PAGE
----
In Europe, the European Securities and Markets Authority (ESMA) is introducing a single electronic reporting format from 2020. In February, the UK Financial Conduct Authority asked the industry for their views on how to make the filing of compliance documents machine-readable in order to simplify the process.

Both regulators take their cues from the US. One recently proposed rule requires SEC regulated firms to file their periodic reports in Inline XBRL. Currently, filers report a human-readable HTML version of a periodic report separately and a machine-readable version in an eXtensible Business Reporting Language (XBRL) format. If adopted, the rule would combine the two requirements and create a single document designed to be read equally well by humans and machines.

From a machine learning perspective, this standardized data combined with other relevant financial information and market participant actions can establish patterns that may warrant further inquiry from regulators.

This can ultimately lead to predictions about potential future registrant behavior, which are precisely the types of algorithms that DERA staff are currently developing.

It has been an issue Bauguess has kicked around since joining the agency in 2007, and the big data market has also sensed opportunity in the new age for financial reporting.

According to research by Deloitte, at least 25 new regulatory reporting companies offering artificial intelligence solutions have appeared in the last five years, more than double the number of traditional software providers originally serving the market for the previous 10 years.

“Something that has happened recently that has been a boon for us is the take-off of machine learning and AI, and greater awareness of the need for more organized data,” Bauguess said.

“Everyone wants to have systems that can process the data and generate new insights, but it’s only going to work if you have good, clean well-structured data.”

Bauguess said his team is concerned the emergence of some regulatory technology solutions bear signs of Hans Christian Andersen’s weavers supplying new clothes to the Emperor.

“I view the space right now as something like the hybrid electric vehicles on our roads; we weren’t ready to go straight to electric, hybrid exists because the technology wasn’t there,” he said. “It’s the same with machine learning, there still needs to be a human connector; someone to understand a sufficient amount of what an algorithm is doing to make the results actionable.”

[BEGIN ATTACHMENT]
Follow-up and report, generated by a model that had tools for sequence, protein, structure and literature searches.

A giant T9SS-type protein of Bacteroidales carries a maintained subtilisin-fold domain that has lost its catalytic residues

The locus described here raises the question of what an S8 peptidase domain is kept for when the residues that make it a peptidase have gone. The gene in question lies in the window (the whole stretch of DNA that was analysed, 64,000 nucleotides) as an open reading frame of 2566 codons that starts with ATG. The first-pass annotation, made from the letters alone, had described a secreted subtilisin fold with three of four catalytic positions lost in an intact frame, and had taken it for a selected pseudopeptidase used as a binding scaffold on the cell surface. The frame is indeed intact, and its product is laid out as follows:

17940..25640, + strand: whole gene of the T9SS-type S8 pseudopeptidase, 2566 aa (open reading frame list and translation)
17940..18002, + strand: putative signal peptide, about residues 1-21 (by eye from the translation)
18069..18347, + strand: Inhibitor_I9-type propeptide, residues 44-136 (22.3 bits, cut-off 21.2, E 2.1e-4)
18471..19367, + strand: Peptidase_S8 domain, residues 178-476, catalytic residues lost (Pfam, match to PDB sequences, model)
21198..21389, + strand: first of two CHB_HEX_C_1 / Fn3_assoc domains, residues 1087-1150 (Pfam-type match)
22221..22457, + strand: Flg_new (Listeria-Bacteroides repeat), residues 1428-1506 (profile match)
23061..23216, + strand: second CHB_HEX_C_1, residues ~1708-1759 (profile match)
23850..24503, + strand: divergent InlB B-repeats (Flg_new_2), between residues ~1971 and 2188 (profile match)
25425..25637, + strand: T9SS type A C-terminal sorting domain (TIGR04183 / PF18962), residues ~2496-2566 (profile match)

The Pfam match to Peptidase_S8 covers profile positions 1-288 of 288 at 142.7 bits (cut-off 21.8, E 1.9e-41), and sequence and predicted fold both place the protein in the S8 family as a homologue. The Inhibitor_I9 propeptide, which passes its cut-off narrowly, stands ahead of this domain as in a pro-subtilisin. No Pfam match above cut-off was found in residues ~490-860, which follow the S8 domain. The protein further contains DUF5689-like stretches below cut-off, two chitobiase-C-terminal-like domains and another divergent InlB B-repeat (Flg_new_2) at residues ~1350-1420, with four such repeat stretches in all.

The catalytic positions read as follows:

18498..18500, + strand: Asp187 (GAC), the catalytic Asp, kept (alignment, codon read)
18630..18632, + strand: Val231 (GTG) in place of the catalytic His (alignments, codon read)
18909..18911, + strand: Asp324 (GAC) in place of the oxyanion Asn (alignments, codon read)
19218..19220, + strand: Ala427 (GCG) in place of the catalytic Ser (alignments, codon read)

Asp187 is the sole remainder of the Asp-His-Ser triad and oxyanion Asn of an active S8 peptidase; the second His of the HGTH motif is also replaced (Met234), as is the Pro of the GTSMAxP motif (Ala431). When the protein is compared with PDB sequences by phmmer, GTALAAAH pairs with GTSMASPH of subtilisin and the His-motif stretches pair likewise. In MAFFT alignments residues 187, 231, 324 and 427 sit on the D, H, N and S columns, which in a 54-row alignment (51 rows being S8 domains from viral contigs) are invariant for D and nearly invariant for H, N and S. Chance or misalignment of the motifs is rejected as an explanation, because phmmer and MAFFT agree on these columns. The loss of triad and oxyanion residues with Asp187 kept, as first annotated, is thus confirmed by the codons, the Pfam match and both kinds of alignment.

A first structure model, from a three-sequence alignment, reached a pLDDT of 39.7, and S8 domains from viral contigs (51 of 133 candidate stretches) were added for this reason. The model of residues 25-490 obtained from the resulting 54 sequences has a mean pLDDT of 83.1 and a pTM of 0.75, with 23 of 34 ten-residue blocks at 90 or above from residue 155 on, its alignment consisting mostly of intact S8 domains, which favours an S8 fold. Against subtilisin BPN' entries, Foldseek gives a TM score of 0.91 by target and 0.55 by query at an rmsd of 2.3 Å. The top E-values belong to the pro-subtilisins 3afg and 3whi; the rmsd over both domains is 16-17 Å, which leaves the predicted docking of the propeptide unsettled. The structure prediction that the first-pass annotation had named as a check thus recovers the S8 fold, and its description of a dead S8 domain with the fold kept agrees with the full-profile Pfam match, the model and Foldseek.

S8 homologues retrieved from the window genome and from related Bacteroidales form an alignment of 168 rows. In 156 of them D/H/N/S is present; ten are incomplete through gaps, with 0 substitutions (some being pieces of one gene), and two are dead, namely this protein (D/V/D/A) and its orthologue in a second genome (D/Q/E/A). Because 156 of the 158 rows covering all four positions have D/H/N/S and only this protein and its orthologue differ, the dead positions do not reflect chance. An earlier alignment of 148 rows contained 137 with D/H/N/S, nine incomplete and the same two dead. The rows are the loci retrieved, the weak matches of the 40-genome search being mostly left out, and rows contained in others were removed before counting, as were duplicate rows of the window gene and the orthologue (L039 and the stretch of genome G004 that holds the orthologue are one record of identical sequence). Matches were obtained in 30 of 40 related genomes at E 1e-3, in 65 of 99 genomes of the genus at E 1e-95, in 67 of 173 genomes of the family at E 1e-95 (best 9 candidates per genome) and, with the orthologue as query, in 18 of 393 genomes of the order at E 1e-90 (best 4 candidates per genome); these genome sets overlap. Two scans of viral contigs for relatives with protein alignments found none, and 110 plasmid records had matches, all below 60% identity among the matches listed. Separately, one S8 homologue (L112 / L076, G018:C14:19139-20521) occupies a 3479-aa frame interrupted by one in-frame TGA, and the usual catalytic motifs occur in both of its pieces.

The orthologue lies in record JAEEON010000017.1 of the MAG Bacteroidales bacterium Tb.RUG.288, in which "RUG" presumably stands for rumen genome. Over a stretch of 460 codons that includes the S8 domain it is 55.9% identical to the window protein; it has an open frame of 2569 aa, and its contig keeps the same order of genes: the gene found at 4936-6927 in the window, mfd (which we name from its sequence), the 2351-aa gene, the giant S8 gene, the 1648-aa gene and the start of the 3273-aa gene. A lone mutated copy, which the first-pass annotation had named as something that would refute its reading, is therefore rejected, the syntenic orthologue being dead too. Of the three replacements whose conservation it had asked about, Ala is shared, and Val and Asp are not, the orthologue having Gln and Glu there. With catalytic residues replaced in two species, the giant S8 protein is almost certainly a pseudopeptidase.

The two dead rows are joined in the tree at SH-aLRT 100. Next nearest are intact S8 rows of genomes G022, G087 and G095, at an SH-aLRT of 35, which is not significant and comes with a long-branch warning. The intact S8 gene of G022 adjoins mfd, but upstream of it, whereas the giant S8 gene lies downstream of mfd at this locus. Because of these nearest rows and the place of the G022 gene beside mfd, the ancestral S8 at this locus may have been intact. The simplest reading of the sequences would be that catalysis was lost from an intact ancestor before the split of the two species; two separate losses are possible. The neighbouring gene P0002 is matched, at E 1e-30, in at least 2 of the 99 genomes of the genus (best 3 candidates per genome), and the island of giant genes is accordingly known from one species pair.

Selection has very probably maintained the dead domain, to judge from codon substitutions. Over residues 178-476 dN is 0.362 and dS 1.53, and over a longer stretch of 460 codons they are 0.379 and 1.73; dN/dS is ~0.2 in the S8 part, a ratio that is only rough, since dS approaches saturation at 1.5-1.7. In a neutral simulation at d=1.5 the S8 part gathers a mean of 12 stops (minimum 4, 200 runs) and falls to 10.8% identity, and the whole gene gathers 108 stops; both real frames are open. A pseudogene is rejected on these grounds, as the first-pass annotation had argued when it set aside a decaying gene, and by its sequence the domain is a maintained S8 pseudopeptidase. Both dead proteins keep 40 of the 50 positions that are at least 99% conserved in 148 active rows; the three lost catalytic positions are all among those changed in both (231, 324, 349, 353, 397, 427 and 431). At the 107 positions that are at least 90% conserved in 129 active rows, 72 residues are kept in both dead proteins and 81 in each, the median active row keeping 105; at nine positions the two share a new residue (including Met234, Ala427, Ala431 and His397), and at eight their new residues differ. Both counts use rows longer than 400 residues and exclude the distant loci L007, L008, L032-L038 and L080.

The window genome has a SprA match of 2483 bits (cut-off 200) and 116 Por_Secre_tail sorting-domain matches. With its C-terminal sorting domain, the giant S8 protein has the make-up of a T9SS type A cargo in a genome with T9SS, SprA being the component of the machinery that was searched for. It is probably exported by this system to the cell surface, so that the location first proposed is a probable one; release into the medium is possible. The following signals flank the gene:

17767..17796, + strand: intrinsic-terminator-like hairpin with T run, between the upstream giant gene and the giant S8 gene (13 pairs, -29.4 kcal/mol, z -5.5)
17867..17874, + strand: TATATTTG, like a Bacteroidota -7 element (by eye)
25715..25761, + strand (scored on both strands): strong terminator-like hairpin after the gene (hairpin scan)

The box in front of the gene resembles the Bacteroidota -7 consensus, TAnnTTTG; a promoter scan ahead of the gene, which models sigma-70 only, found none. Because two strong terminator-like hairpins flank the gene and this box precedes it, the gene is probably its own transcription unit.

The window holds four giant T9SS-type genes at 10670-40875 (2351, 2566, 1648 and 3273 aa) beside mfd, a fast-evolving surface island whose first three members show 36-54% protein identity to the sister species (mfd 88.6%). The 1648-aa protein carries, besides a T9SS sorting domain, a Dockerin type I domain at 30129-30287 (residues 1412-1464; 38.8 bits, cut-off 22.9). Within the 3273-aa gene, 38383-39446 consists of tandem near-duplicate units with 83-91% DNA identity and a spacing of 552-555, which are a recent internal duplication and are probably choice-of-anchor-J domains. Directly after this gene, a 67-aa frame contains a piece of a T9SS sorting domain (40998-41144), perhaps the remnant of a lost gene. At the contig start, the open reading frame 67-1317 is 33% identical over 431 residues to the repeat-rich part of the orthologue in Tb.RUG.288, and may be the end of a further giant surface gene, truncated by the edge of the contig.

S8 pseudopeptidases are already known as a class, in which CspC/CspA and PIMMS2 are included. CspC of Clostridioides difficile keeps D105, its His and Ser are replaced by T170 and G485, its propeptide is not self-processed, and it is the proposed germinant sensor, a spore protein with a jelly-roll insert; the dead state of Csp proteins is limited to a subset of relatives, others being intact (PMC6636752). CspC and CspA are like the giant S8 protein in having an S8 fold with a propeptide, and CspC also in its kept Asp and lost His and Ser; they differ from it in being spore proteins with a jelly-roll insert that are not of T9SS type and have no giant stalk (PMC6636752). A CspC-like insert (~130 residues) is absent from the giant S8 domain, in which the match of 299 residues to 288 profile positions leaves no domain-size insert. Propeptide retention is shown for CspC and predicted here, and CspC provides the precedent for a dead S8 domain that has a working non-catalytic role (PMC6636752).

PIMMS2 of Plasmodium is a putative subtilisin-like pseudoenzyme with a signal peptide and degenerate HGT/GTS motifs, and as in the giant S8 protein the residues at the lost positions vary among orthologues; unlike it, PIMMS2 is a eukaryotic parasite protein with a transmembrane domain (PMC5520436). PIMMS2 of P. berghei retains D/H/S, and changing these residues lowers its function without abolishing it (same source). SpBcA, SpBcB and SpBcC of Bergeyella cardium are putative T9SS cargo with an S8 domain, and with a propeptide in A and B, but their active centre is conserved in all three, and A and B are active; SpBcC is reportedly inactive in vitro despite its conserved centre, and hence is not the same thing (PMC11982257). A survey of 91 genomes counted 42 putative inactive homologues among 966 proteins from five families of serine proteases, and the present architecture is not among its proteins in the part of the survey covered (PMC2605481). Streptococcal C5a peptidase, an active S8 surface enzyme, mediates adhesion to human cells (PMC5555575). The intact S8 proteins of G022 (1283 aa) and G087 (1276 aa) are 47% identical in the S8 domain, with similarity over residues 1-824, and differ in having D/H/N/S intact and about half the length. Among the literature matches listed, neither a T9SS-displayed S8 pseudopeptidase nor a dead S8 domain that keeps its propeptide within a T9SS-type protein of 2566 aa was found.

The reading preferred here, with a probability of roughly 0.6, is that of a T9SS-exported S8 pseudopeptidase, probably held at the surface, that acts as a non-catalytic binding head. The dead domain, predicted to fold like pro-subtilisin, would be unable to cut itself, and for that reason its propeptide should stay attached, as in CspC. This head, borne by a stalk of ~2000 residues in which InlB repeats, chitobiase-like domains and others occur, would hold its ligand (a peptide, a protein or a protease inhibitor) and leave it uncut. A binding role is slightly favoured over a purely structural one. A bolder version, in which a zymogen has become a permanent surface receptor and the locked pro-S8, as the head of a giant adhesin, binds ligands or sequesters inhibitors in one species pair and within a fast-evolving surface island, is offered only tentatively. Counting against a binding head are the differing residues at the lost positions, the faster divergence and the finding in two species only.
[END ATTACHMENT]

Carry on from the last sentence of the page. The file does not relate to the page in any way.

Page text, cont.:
In his role helping oversee the Division’s risk assessment and data-driven, predictive analytics development, Bauguess is especially wary of the types of black box solution that come with promises of minimal oversight from the compliance officers relying on it.

“What I see happening is that machine learning algorithms will circle towards collaboration with the human compliance officer as opposed to performing the actual compliance function.”

“That is similar to what we are doing at the SEC, we’re giving staff analytical tools to accelerate their existing work processes, but none of them are relying on machine learning algorithms alone to make decisions.”

He said he believes truly machine driven decision making is “years away”. “In general, I think there is a lot of hype around what is possible with this technology today,” he said. “I believe we are still in the ‘proof of concept’ phase with most aspects of supervisory and compliance functions.”

Alongside a PhD in Finance, Bauguess also holds a BS and MS in Electrical Engineering and prior to his doctoral studies spent six years working as a technology engineer.

He is a new breed of regulator that understands and is comfortable using the technology he and his SEC colleagues are monitoring, but he believes the next generation coming through will move things along even faster.

“I feel I am becoming part of the old guard, while still being part of the new guard,” he said. “We are finding attorneys that can program, it’s the nature of the next generation. They grew up with phones in their hand and are hungry for this. The older generation will resist, and I’m not sure where the tipping point is. I think in five to 10 years we will see the culture of organizations really change to embrace it.”.